Astra Concert: 21 Rational Melodies, 14 instruments, 7 composers
by Jennifer Bryce
I remember being taken to Astra concerts when I was in primary school — a string orchestra of old ladies playing works such as Mozart’s Eine Kleine Nachtmusik. Apparently the orchestra started officially in 1951, but there were concerts earlier than that. A little later, Astra was taken over by George Logie Smith — it was then a choir and orchestra, and by the 1970s I was playing oboe in the orchestra. I remember the music as fairly conventional, but perusal of Astra’s extensive archive suggests that this was not always the case https://www.astramusic.org.au/archive/browse/. In 1978, John McCaughey became director, and his vision has led the organisation into exciting territory and has brought to Melbourne leading-edge works and concerts such as the ’21 Rational Melodies…’ we heard on Saturday 27th August.
The Church of All Nations was set up for a concert ‘in the round’, with chairs grouped around an assortment of keyboard and percussion instruments in the middle. The concert was curated by composer Andrew Byrne, who has worked in New York and Australia and is known here in Melbourne for his work with Chamber Made Opera https://chambermade.org/ . Indeed, as he said, the array of keyboard and percussion instruments provided ‘a glittering palette of sound’.
Tom Johnson (b 1939) is one of the American composers who founded ‘minimalism’ — perhaps better known through the work of Philip Glass and Steve Reich. He is believed to have coined the term. One of his compositions dating from 1982, but not performed before in Australia, is Rational Melodies, which, according to Andrew Byrne’s program notes, ‘offers a compendium of minimalist systematic procedures in 21 pieces’.
During the course of the evening we heard these twenty-one melodies, though not in numerical order but, perhaps more interestingly, five Melbourne composers had been invited to write responses to these melodies. For example, David Chesworth wrote two irrational melodies, surd 1 and 2 — an ancient mathematician had called irrational numbers ‘inaudible’. In phonetics, a ‘surd’ refers to voiceless consonants, uttered by breath and mouth: f,k,p,s,t. The program notes informed us that ‘Surd 1 combines phonetic surds with the expulsion of air from various organ bellows to create a subtle force that aerates the performance space, temporarily blowing away any residual pitches and patterns from Tom Johnson’s Rational Melodies‘.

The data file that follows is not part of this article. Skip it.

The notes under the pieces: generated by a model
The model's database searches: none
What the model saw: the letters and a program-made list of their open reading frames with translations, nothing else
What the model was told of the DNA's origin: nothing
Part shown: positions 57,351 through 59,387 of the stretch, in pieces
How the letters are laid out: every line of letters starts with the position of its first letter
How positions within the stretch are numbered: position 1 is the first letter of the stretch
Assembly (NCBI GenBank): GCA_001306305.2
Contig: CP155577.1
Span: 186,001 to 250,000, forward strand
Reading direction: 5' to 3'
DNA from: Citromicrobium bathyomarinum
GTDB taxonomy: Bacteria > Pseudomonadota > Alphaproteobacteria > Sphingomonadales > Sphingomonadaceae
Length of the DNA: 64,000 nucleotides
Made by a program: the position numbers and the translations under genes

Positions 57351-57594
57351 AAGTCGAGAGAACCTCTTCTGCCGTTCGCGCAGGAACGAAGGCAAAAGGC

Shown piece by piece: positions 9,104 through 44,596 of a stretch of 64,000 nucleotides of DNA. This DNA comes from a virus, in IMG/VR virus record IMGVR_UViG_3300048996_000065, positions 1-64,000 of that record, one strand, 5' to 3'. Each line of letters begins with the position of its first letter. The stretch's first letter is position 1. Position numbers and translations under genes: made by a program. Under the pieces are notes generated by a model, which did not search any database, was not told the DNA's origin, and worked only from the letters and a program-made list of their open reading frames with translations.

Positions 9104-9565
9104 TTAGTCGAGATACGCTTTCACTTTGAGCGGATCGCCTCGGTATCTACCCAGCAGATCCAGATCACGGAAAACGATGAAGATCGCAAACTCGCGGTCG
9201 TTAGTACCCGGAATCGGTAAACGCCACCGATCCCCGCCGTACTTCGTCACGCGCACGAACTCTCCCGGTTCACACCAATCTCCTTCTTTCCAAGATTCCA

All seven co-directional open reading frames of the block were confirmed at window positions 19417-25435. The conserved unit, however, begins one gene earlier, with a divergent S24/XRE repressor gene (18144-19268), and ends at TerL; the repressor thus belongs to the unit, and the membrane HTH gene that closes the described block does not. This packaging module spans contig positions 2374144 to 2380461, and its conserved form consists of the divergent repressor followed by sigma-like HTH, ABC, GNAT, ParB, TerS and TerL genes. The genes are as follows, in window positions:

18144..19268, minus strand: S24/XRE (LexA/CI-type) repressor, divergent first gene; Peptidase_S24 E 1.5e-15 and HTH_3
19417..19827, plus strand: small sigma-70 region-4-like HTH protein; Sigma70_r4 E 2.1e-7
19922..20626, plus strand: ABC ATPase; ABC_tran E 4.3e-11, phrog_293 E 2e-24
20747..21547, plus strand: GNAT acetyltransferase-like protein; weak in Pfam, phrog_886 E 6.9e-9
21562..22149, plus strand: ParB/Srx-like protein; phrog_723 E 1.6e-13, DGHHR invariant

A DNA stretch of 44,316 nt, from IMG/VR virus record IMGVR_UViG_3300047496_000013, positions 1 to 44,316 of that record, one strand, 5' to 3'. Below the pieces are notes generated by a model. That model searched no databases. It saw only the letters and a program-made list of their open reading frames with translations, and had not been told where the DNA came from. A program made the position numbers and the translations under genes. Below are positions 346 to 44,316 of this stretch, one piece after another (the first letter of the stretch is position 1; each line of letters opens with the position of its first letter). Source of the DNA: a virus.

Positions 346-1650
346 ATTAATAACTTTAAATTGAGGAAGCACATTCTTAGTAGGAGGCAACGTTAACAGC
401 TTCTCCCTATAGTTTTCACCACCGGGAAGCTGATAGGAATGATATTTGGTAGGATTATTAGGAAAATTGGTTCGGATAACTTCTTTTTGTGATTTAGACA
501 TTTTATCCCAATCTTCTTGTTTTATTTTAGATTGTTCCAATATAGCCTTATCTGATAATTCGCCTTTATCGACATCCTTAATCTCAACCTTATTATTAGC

Quite different was Warren Burt’s electronic piece, Through the Studio Door, a reponse, he said, to the general permutation process used by Johnson, rather than to any one particular ‘melody’. As a piece of music I found this more satisfying than some of the other responses. I very much liked Catherine Schieve’s reponse: Three Foghorns for Rational Melodies. She describes her composition as ‘a performed soundscape surrounding a segment of Rational Melody performances… The foghorns appear “out of the mist” and create an ambient environment’. Each of the three pieces was aligned with a particular foghorn — for example, Foghorn 1 was Heceta Head, Oregon USA: ‘During obscure conditions, the horn will blast 3, over a slow count of 6, followed by a count of 7 rests’. The foghorns were performed by organs.
The concert was book-ended by Johnson’s melodies (as well as a scattering throughout the body of the concert). The final piece we heard was rational melody 15, played on the amazing array of harpsichord, organ positiv, celeste, regal, toy piano and qanun. The performers did an amazing job of switching from one (often obscure) instrument to another, they were: Alexander Meagher, Kate Tempany, Kim Bastin, Jennifer Yu, Vahideh Eisaei, Peter Dumsday and Joy Lee.